Audi A2 1.2 TDI - a double saving
Drivers of the three-litre version of the Audi A2 are rewarded not only by exceptionally low fuel consumption: the A2 1.2 TDI is approved throughout Europe in accordance with EU Emissions Directive 1999/102/EC. In Germany the basic version even satisfies the limits of what is currently the strictest standard, D4. In the rest of Europe the A2 1.2 TDI naturally complies with the EU III emission regulations. This further reduces the cost of ownership.
As an officially recognised three-litre car, the following applies to the Audi A2 1.2 TDI: together with the D4 tax concession it is exempt from vehicle taxation in Germany until this concession expires, probably at the end of 2005.
Economical fuel consumption and low exhaust emissions are not the only things that make a car more environmentally attractive. Its overall impact, from the raw materials consumed, through the car's operating life, to its ultimate recycling, is of decisive importance. In terms of the accumulated CO2 emissions throughout its product life, the amount of energy it consumes and also the sum total of virtually all relevant environmental pollution, the Audi A2 1.2 TDI is currently the most progressive production car in the world in its size and performance class.
Audi offers unique experience and expertise in the development and series production of aluminium cars. The aluminium-bodied Audi A8 has been in production since 1994 at Audi's Neckarsulm plant, where the Audi A2 is also built. The development centre there is the "think-tank" of modern aluminium technology in automotive engineering.
The Audi Space Frame ASF
The Audi A8 established new standards in the luxury car sector. Its all-aluminium body, based on the ASF principle, represented a quantum leap in the development of lighter vehicle bodies that nevertheless exhibit high strength. The weight reduction cuts fuel consumption and renders the car more agile. The ASF principle also affords optimum protection for the car's occupants in the form of a rigid passenger cell.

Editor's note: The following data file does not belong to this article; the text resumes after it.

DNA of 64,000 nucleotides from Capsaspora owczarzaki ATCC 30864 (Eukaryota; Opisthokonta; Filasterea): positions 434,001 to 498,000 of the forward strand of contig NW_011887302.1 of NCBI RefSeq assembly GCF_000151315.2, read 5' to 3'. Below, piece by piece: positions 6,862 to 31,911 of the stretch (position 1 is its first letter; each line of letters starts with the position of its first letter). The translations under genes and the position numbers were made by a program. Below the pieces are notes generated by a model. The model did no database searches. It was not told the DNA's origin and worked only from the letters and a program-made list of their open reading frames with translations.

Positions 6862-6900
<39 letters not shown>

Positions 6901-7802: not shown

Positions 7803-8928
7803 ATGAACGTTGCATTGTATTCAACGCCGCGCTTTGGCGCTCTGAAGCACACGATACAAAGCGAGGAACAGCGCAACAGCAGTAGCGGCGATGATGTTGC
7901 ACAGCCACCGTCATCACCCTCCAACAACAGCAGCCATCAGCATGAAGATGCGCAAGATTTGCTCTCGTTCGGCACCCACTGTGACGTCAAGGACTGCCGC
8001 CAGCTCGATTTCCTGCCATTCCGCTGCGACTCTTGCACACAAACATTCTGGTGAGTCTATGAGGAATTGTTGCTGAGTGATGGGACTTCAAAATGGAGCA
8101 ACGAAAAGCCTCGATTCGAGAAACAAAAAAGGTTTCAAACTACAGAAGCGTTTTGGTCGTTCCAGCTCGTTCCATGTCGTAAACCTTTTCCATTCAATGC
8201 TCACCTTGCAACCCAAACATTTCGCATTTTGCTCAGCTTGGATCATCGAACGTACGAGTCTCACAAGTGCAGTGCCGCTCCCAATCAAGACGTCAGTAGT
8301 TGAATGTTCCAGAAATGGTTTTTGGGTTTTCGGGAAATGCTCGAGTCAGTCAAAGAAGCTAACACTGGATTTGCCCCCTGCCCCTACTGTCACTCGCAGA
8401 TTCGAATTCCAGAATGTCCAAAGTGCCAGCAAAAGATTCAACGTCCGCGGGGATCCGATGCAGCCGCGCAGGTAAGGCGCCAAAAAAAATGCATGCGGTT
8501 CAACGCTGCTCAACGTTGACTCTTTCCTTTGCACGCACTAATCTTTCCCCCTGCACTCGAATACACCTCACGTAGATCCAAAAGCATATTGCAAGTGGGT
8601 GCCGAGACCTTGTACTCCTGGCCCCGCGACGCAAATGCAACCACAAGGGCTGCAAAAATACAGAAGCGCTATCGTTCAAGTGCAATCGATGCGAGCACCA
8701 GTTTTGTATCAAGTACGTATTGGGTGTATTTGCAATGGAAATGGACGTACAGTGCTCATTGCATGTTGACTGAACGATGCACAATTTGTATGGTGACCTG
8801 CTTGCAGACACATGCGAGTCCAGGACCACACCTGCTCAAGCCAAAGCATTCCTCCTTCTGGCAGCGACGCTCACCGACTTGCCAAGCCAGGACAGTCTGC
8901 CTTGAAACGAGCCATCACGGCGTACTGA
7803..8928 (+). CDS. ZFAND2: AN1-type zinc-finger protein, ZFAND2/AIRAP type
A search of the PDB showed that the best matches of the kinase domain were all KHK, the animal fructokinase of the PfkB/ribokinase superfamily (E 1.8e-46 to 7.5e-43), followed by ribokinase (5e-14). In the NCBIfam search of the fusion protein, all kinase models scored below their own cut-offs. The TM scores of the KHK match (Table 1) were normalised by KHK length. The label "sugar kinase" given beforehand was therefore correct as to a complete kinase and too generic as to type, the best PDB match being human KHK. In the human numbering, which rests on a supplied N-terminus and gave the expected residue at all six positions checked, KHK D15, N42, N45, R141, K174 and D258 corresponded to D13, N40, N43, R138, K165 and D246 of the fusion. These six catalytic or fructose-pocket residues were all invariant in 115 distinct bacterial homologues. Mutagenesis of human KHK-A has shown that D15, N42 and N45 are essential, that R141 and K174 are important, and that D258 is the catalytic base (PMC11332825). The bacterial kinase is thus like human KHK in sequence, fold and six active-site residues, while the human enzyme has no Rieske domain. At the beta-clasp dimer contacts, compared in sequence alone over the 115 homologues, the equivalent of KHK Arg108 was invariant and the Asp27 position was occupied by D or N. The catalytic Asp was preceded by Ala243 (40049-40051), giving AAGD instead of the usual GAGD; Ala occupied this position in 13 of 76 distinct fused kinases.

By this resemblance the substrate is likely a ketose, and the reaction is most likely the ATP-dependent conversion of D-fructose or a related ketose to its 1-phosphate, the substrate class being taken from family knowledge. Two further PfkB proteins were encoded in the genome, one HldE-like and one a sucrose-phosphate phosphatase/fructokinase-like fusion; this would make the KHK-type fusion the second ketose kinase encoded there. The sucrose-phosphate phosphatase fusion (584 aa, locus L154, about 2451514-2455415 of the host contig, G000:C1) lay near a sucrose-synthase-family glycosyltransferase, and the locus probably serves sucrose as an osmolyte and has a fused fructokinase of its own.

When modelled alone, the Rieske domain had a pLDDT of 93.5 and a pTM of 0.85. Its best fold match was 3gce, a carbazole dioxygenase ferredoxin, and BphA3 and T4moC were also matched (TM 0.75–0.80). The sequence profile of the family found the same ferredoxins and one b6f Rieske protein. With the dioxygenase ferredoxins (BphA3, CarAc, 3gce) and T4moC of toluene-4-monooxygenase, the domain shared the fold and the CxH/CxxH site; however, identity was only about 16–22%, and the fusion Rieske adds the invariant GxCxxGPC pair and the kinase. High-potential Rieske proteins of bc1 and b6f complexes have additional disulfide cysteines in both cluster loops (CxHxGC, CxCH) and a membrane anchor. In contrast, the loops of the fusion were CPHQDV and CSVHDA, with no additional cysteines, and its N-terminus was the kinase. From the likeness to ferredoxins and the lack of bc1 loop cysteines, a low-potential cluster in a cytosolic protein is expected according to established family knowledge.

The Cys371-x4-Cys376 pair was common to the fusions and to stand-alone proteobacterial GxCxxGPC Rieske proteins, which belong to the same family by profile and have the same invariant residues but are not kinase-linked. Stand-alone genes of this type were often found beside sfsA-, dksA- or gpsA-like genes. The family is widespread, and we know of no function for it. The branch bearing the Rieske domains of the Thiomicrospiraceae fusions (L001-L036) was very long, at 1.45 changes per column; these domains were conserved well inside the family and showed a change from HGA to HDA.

Whereas annual production of the Audi A8 is running at around 15,000 units, annual volumes of 60,000 vehicles are possible for the A2. With its evolved Audi Space Frame, the A2 is the first vehicle on which aluminium technology has been realised in volume production.
A new dimension to aluminium technology
Low weight is the characteristic feature of the Audi A2 - but, technically speaking, it is of course anything but a "lightweight". In fact, it is brimming with ideas and innovations that have never before been used on volume?built cars.
The idea behind the ASF concept is basically this: the panels are integrated into a high-strength aluminium frame structure, in which they also have a load-bearing effect. The space frame proper - weighing around just 76 kg - consists of extruded sections, some of which are connected by vacuum die-cast nodes. In conjunction with reinforcing aluminium panels, the frame is extremely rigid overall yet very light.
The vacuum die-castings in the area of the side structure are of unique complexity. This tailored aluminium structure, with multiple reinforcements and varying wall thicknesses, enables a level of functionality and strength that would entail a substantial weight increase if it were made of steel.
This drive to implement advanced joining techniques - the best example being laser welding - convincingly resolves the conflicting objectives of maximum strength and minimum weight. The roof frame consists of aluminium profiles shaped by an internal high-pressure technique. Thanks to this, it is possible to obtain a cross-section which varies several times in the course of its length, ideally reflecting the requirements which each zone has to meet. Many of the necessary cutting processes are also carried out in the same operation. The entire bodyshell, including doors and tailgate, is consequently 43 percent lighter than an equivalent steel structure.
The side of the car in particular is a masterpiece of aluminium-working technology, touching on the limits of what is currently possible. The entire section, from the front roof post to the luggage compartment edge, including the door cutouts, is formed from a single piece of aluminium. This ensures high precision and reproducible quality, both of them essential requirements for maximum automation and high-volume production.